The Sunday Leader

State Protected Rupee After Two Months

Central Bank of Sri Lanka (CBSL)/state protected the exchange rate (ER) after a lapse of two months at Wednesday’s (January 22) trading, data maintained by this reporter showed.

But this trend was reversed in the two remaining days of trading left last week, ie on Thursday and Friday due to inflows on thin volumes, sources told this reporter.

The ER in interbank spot trading against the US dollar ($) as a result strengthened to the Rs. 130.70/75 level in two way quotes on Thursday on thin trades, as opposed to it closing weaker at the Rs. 130.80/85 level the previous day Wednesday.

On Tuesday (January 21) it had had closed stronger at the Rs. 130.75/85 level.

However, by the close of the week on Friday it had had further strengthened to Rs. 130.65/70 on thin trades, despite the fact that the state was procuring the same at the Rs. 130.65 level, the sources said.

Week on week (WoW) the ER in two way quotes had had gained by Sri Lanka cents (SLc) five/four to Rs. 130.65/70 in two way quotes to the $, having had closed the previous week at the Rs. 130.70/74 level.

A movement of five or 10 SLc of the ER on a particular day is not something to get too worried or too happy, they added.

Meanwhile on Wednesday CBSL began protecting the ER after it fell to the Rs. 130.85 level against the $ in interbank spot trading, the sources said. They then began offering $s at the Rs. 130.85 level, after which the ER closed  Wednesday at Rs. 130.80/85 level in two way quotes, the sources said.

These offerings are made through CBSL’s foreign exchange (FX) reserves.

The ER the previous day Tuesday had closed at the Rs. 130.75/85 level in two way quotes to the $.

With the defence of the ER on Wednesday, exporters began converting their $s, whilst booking forward, as a result of which the premium of  one year forward rates Wednesday over Tuesday fell by 30 Sri Lanka cents (SLc) to  Rs. 4.50, they said.

According to records maintained by this reporter, the last time prior to Wednesday that CBSL had had been in the market to defend the local currency was in the week ended on November 15, 2013 (see The Sunday Leader business pages of November 17, 2013). At that time the ER had had been protected at Rs. 131.10 to the $ in interbank spot trading. This defence coupled with moral suasion compelled trades to be done on “spot next” basis at Rs. 131.25/30 level in two way quotes (see The Sunday Leader business pages of November 24, 2013).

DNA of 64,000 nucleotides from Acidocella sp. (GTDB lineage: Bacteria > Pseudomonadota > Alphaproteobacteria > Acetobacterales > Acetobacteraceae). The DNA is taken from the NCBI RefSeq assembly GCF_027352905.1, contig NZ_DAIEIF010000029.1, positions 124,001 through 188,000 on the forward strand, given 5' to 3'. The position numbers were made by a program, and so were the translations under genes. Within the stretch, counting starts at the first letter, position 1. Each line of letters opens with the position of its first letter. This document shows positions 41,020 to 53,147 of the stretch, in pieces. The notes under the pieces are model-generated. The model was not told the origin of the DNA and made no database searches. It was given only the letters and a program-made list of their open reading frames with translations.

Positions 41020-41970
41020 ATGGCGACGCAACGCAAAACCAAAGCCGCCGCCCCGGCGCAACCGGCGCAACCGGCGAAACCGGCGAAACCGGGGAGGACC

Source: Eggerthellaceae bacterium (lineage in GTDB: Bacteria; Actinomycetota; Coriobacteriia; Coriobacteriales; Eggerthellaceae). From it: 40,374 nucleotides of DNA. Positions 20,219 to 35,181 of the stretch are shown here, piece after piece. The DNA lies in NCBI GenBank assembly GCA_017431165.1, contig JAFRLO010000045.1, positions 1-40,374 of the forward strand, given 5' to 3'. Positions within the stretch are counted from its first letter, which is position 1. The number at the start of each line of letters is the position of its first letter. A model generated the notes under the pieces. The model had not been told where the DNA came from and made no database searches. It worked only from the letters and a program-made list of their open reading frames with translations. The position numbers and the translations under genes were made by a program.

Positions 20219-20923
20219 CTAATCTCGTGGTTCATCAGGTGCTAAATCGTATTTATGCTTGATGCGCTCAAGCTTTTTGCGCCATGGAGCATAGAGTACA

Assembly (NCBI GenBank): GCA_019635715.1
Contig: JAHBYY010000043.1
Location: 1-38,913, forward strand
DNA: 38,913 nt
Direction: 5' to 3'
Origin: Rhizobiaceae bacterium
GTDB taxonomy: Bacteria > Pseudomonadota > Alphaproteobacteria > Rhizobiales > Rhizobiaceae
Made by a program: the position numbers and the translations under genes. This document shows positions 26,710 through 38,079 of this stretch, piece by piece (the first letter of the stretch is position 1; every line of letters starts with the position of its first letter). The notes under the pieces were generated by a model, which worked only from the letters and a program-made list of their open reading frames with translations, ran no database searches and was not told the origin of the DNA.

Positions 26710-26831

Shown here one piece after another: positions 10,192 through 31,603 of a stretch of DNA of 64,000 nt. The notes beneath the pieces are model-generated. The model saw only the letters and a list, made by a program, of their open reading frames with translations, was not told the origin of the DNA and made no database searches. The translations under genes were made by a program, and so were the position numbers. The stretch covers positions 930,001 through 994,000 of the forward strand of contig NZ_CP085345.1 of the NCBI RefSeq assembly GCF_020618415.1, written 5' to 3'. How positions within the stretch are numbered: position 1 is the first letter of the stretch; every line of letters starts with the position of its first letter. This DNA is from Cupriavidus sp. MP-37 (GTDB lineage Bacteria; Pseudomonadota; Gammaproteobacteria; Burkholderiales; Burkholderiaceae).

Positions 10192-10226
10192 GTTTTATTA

Subsequently the ER in spot trading was allowed to weaken by five SLc to Rs. 131.15 and spot next also by a similar amount to Rs. 131.35, before closing the week ended November 28, 2013 at Rs. 131.15/30 and Rs. 131.30 respectively (see The Sunday Leader business pages of December 1, 2013).

However in the following week CBSL let go of defending the rupee due to inflows, as a result of which the ER closed stronger at the Rs. 130.75/85 level in the week ended December 5, 2013 (see The Sunday Leader business pages of December 8, 2013).

But as events showed, this protection was once more restored seven weeks later on Wednesday, January 22, 2014, only to be removed the following day.

Volumes in the FX market on Wednesday were substantial, the sources said.

At the beginning of the week on Monday, thin trading continued to dominate the FX market with hardly a change over its previous (January 17), with sources telling this reporter that the ER closed Monday at Rs. 130/70 to the $ in interbank spot trading, while the state “continued to keep away from the FX market.”

While some said that it closed the previous day at Rs. 130.70/74 to the $ in two way quotes in spot, others said that it closed at Rs. 130.65/70, somewhat stronger over its Monday’s close of Rs. 130.70.

Contrary to what this reporter said in these columns in last week’s issue of The Sunday Leader, the US$ one billion Sovereign Bond proceeds had had entered in to the Government of Sri Lanka’s (GoSL’s) Treasury’s accounts in the week ended, Friday January 17 and not in the week ended January 24.

However, it’s unlikely that these proceeds would be used to strengthen the rupee as such an action would be detrimental to exporters and may also expedite the exit of foreign funds from the government securities market in order to profit from a rising rupee, but at the expense of once more causing pressure on the rupee due to the exit of FX from the market (see also the lead story on this week’s business pages as well as the business pages in its last week’s issue).

Sri Lanka runs a current account deficit in its balance of payments.

On Tuesday the ER marginally weakened by five SLc to Rs. 130.75/85 to the $ in interbank spot trading on thin volumes, while state owned People’s Bank (PB) which at times acts as an agent of the GoSL was seen buying $s from the market, sources said.

The ER the previous day closed at Rs. 130.70 in interbank spot trading.

Though state buying has been witnessed in the market from time to time, the ER, since the beginning of the new year has largely remained stable at the Rs. 130.70 level, they had then said.

Nevertheless the state at the present may need not procure any $s from the market, at least in substantial quantities as it recently sold a $ one billion Sovereign Bond in international markets. Therefore, the required $s to meet the state’s needs may be procured from the Sovereign Bond issue rather than from the FX market at the present juncture.

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